17 Apr.

Newly discovered jumping spider in Chai Wan, Hong Kong

A new spectacular jumping spider has been discovered and named in honour of Eric Carle, the famous author of children’s book The Very Hungry Caterpillar.

A spider expert at the Manchester Museum has confirmed a new species of jumping spider discovered in a park in Hong Kong. The unique spider bears a striking resemblance to a caterpillar leading it to be named Uroballus Carlei, after author of the ubiquitous children’s book The Very Hungry Caterpillar, Eric Carle. The book celebrates its 50th anniversary this year, the same year that Carle turns 90.

This new species was discovered on the outskirts of one of the most densely settled places on Earth, within sight of the high-rises of Chai Wan in Hong Kong's Eastern District. Naturalist Stefan Obenauer made the exciting observation and contacted Dr Dmitri Logunov, Curator of Entomology at The Manchester Museum, who is a recognised expert on jumping spiders. Dmitri examined this species and confirmed it to be previously unknown to science. The species was formally described in the Israel Journal of Entomology.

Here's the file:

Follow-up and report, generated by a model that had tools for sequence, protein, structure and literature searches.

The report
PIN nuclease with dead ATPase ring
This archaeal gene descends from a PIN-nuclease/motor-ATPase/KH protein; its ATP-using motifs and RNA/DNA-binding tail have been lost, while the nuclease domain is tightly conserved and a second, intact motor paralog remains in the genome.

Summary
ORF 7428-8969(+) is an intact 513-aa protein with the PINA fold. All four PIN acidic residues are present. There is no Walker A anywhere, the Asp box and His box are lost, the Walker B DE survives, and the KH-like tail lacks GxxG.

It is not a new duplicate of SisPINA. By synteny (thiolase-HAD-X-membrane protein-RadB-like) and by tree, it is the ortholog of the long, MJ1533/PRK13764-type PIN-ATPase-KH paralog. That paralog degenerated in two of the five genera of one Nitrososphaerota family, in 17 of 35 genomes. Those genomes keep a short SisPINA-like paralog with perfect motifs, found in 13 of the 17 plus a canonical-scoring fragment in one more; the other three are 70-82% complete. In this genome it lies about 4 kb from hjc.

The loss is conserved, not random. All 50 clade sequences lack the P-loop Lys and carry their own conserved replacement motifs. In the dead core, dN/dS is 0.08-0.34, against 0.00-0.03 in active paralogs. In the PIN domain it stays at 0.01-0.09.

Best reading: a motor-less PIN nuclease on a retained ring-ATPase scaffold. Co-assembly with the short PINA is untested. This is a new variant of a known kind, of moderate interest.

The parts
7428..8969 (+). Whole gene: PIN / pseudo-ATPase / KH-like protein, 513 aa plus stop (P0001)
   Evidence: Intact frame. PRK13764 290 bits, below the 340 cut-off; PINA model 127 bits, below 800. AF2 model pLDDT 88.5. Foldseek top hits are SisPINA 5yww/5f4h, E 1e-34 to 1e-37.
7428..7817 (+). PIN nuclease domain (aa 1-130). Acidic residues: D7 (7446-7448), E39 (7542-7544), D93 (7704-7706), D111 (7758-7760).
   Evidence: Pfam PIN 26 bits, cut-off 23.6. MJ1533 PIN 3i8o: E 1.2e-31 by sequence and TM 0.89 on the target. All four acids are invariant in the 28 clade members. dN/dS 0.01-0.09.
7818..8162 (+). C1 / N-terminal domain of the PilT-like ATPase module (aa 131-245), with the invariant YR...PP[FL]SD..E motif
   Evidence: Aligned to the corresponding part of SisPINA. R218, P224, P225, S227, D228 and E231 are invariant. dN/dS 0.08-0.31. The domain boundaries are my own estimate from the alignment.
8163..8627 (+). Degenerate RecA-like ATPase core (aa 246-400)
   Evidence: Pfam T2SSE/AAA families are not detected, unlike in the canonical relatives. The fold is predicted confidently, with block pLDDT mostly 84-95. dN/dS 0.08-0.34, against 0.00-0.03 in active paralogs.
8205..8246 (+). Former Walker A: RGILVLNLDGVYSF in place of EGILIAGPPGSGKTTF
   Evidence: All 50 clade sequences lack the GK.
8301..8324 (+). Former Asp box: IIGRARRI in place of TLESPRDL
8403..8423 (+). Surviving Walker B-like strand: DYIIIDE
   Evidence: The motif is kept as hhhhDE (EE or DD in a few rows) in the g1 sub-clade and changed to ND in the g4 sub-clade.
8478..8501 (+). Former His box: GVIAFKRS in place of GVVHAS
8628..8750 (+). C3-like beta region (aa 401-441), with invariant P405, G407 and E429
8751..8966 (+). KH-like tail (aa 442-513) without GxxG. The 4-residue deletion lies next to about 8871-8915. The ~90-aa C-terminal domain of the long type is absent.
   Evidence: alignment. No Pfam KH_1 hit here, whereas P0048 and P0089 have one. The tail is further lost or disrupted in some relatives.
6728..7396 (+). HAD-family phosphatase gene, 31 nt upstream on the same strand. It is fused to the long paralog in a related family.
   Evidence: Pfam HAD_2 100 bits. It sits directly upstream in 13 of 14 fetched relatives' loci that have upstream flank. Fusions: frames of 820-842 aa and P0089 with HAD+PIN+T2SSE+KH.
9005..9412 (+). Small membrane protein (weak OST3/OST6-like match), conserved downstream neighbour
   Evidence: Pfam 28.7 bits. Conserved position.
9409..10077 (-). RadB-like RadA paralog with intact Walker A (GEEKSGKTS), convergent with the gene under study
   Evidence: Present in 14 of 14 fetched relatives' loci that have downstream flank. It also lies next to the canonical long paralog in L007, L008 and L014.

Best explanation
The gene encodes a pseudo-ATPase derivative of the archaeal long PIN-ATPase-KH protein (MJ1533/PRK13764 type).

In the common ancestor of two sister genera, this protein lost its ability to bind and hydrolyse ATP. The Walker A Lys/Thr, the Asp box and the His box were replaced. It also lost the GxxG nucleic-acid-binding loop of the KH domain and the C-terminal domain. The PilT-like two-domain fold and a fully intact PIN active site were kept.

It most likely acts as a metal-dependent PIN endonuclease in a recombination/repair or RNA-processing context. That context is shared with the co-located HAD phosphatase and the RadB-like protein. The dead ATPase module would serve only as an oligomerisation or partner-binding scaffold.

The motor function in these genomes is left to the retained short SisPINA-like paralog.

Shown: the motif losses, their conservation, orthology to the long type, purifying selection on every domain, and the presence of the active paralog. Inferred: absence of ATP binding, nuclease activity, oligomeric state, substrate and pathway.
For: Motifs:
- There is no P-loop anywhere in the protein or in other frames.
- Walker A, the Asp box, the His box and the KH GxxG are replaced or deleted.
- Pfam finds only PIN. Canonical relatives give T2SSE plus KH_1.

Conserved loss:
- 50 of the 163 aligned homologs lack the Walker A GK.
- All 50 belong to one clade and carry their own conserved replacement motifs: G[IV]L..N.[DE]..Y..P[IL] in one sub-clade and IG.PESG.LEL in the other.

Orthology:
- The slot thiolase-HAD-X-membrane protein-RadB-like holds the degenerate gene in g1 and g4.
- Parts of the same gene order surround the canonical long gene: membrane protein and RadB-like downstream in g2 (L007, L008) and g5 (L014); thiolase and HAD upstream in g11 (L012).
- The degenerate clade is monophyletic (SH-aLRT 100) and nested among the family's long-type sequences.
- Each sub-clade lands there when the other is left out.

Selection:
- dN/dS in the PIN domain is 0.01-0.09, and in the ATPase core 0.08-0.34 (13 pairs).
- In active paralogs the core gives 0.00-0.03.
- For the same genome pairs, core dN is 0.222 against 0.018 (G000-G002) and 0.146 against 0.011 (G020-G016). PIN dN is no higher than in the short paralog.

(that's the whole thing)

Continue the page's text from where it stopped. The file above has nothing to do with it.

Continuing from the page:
Jumping spiders have evolved superior vision, aiding them greatly in their unusual mode of hunting. Apart from a battery of larger and smaller eyes on their foreheads, they typically have at least one other pair of eyes on the back edges of their thorax, giving them all-round and binocular vision and a precise judgement of distances.

As typical for the jumping spider family, they spin no web to entangle their prey, but rather stalk small insects and similar animals on foot, and jump at them from quite some distance, in a similar manner to cats. This is why they are often called ‘eight-legged cats’. Among their victims are many nuisance and pest species, in particular flies and bugs.